Romney and the GOP: Serious look at a gold standard?
On Friday, we discussed whether serious monetary reform is a possibility under Romney-Ryan. We mentioned that there is significant discussion on the right as to what such a reform should look like, whereas by contrast, the left simply wants the status quo, since that enables them to continue creating and spending money without much in the way of obstacles.
The discussion on the right, on the other hand, continues to get more vibrant. Just as with the entitlements question, those who worried that a potential Romney presidency might be somewhat timid on tackling the truly big issues are pleasantly surprised to hear the subject of monetary reform being raised with more frequency. Granted, it’s not being discussed by Romney and Ryan and a major plank, but the speculation that they may have enough courage to tackle it in office is increasing—especially since the GOP is now talking about setting up a commission to look into it. The buzz is starting to build.
Case-in-point: James Pethokoukis, also on Friday:
It looks like the Republican Party will call for the creation of a national commission to examine restoring the link between the dollar and gold, a connection finally and completely severed in 1971.
Now if I were writing zingers for President Obama’s nomination acceptance speech, I would try this one out: “I’ve said before that Mr. Romney wants to take America back to the 1950s. Well, I was wrong. It turns out he and the Republican Party want to take America back to the 1850s and bring back the gold standard. You can’t make this stuff up!”
The issue does have that sort of feel about it to many people. Old fashioned. Backward looking. Odd.
But is it a bad idea?
Pethokoukis does not identify himself with the gold standard faction, preferring instead a sort of fixed, rule-based system for expanding and contracting the money supply:
I understand why some conservatives are fond of the idea of abandoning fiat money and returning to the gold standard, especially after the Great Recession and ongoing euro crisis — not to mention fears the growing national debt will prove inflationary or hyperinflationary. As George Bernard Shaw put it, “You have to choose between trusting to the natural stability of gold and the natural stability of the honesty and intelligence of the members of the Government. And, with due respect to these gentlemen, I advise you to vote for gold.”
But I am not there yet. As Milton Friedman famously said, ”Inflation is always and everywhere a monetary phenomenon.” Instead, I would prefer adjusting the mandate of the Federal Reserve so that monetary policy is less discretionary and more rule based.
One option is what could be called the “New Gold Standard,” the market-based targeting of nominal GDP. Economist Scott Sumner:
Most simply, the Federal Reserve should begin by adopting an approach of “level targeting” of nominal GDP. This doesn’t mean keeping NGDP level, but rather targeting a specified trajectory, such as a 5% NGDP growth path, and committing to make up for any near-term shortfalls or excesses. Thus, if NGDP grew by 4% one year, the central bank would cut rates or engage in quantitative easing until its models yielded an expectation of 6% NGDP growth for the following year. …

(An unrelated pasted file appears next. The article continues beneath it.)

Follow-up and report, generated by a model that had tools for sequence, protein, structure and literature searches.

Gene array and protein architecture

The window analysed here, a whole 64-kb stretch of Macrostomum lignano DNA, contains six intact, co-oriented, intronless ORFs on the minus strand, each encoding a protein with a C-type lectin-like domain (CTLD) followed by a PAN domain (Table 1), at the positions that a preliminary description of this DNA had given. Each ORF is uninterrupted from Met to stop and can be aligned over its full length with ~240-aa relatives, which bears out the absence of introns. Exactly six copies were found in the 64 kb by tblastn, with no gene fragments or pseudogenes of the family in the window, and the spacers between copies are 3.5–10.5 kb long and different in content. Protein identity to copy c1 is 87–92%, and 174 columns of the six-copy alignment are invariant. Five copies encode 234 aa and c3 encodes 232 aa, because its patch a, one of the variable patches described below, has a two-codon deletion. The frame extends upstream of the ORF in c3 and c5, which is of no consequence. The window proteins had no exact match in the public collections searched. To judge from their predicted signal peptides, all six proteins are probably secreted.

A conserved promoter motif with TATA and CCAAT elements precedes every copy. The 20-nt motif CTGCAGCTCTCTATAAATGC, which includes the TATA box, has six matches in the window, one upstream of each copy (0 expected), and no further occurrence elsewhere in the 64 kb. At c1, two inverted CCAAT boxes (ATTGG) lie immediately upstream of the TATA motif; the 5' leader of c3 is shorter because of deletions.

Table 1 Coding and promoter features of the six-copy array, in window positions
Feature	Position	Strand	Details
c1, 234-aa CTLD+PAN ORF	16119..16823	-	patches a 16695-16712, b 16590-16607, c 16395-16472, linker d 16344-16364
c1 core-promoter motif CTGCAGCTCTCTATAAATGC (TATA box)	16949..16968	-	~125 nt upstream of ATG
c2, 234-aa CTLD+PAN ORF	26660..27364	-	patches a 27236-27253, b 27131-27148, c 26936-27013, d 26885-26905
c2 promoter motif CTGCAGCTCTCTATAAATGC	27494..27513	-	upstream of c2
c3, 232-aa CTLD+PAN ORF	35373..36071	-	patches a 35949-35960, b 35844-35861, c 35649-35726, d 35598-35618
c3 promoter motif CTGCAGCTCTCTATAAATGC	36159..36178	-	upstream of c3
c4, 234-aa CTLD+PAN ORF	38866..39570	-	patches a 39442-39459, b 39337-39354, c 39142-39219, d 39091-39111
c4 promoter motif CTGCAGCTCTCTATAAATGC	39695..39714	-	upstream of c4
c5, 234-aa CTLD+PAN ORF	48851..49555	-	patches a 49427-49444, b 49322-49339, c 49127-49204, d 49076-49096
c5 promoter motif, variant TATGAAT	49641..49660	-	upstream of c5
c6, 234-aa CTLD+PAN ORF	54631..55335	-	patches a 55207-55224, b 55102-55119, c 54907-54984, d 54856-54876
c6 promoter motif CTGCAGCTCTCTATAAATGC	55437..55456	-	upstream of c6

Another approach — which would be more radical, but perhaps also more effective — would limit the Fed’s role to setting the NGDP target, and would leave the markets to determine the money supply and interest rates. This would mitigate the “central planning” aspect of the Federal Reserve’s current role, which has rightly come under criticism from many conservatives. To give a simplified overview, the Fed would create NGDP futures contracts and peg them at a price that would rise at 5% per year. If investors expected NGDP growth above 5%, they would buy these contracts from the Fed. This would be an “open market sale,” which would automatically tighten the money supply and raise interest rates. The Fed’s role would be passive, merely offering to buy or sell the contracts at the specified target price, and settling the contracts a year later. Market participants would buy and sell these contracts until they no longer saw profit opportunities, i.e., until the money supply and interest rates adjusted to the point where NGDP was expected by the market to grow at the target rate.
It might be helpful to compare this idea to the old international gold standard. Under that system, the U.S. government agreed to buy and sell unlimited gold at $20.67 per ounce. This kept gold prices stable, and the money supply adjusted automatically. Unfortunately, however, stable gold prices did not always mean a stable macroeconomic environment. Putting NGDP futures contracts on the market along a similar model would likewise create a stable price for those contracts, hence stabilizing expected NGDP growth. And stable NGDP growth would be more conducive to macroeconomic stability than a stable price of gold, especially in a world in which rapidly growing demand from Asia might distort the relative price of gold.
Whatever comes of the commission, and of a Romney presidency, we may be looking at the first real move to alter monetary policy in quite some time. And whether we get a gold standard or some other rule-based system, conservatives should have a cautious optimism that we might, just might, see the end of unchecked fiat money sooner than we may have hoped.